This really a big part of the traditional American Dream isn't it? Quality family time with a recreational vehicle, getting away from civilization, but doing it in the comfort of a brand new travel trailer. I don't think it could get much better.
There's only one problem. It's a windy day. When you were picking up your new travel trailer at the dealership the other day it never occurred to you just how scary it could be to tow your nice long trailer down the highway in a serious cross wind.
Dealing with the wind is a fact of life if you're going to be any kind of RV enthusiast, so make sure you understand how to tow safely in it.
It really all comes down to the length of your trailer relative to the length of the vehicle you're using to tow it with. Think of it this way - it's all about leverage. If your trailer is long relative to the wheelbase of the vehicle you're using to tow the trailer, you could be in for an interesting vacation.
A travel trailer has a broad profile in the wind, so if mother nature is blowing hard, or if you're getting passed by tractor trailers at high speeds, your trailer basically acts as a sail. It's not unlike carrying a piece of four foot by eight foot plywood.
If you've ever had that experience you know what I'm talking about. The plywood acts like a sail and it can drag you all over the place if you don't know how to handle it.
The same way it takes strength to handle that plywood in the wind, it takes a long wheelbase on your tow vehicle to handle the tug of a relatively long travel trailer. If you've got a twenty-three foot boxy trailer and you're pulling it with a small SUV, chances are you're going to get jerked around quite a bit.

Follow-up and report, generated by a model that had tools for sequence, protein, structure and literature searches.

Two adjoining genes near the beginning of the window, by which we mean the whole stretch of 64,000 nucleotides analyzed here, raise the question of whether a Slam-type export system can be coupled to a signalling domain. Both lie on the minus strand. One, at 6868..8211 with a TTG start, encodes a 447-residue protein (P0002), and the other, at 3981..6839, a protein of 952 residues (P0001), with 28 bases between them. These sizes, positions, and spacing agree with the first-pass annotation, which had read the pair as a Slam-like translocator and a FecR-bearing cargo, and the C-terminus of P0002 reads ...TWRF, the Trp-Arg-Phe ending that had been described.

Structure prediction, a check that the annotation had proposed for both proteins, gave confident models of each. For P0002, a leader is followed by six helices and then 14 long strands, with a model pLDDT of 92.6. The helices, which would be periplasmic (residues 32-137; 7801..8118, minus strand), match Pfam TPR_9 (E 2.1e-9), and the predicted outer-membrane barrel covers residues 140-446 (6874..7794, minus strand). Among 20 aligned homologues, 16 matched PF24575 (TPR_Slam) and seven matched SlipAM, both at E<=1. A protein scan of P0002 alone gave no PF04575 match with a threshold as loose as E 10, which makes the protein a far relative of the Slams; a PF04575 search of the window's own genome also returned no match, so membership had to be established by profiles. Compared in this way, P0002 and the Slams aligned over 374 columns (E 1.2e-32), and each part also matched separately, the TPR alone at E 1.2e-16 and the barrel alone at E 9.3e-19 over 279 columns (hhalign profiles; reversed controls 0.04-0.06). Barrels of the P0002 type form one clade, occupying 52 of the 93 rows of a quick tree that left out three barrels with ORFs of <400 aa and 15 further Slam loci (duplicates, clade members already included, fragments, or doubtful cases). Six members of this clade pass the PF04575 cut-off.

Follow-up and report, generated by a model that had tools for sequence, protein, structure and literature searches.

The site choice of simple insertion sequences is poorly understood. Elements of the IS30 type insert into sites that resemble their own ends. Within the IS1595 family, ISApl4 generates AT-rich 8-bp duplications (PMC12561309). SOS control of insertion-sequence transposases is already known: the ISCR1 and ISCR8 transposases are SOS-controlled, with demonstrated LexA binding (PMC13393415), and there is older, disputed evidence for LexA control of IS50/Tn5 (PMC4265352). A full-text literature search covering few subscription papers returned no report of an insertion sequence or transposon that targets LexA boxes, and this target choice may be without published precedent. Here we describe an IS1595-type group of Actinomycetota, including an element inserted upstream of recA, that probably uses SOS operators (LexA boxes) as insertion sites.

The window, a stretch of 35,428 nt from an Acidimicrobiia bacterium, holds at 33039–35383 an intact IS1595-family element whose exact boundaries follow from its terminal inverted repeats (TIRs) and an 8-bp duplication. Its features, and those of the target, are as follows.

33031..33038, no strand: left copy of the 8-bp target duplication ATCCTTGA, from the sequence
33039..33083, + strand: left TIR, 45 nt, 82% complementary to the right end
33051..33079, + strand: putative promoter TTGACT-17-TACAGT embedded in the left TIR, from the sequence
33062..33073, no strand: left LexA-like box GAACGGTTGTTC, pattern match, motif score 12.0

But, that same small SUV would have no problem at all with a small folding tent trailer. It's all relative.
As a general guideline I'd suggest that you could pull a trailer approximately twenty feet long as long as your vehicle has a wheelbase of at least 110 inches. So that's about nine feet of wheelbase to handle twenty feet of trailer.
If you want to get a longer trailer, I'd recommend that you have at least four inches of wheelbase for each additional foot of trailer length. That way you're always making sure to keep the ratio of trailer length to wheelbase high enough.
One last thought is you should not only consider the total length of the trailer, but also the distance from the coupler (or tongue) to the axle of the trailer. There will be a big difference in stability for a trailer where that coupler to tongue distance is really short, compared to one where it's really long.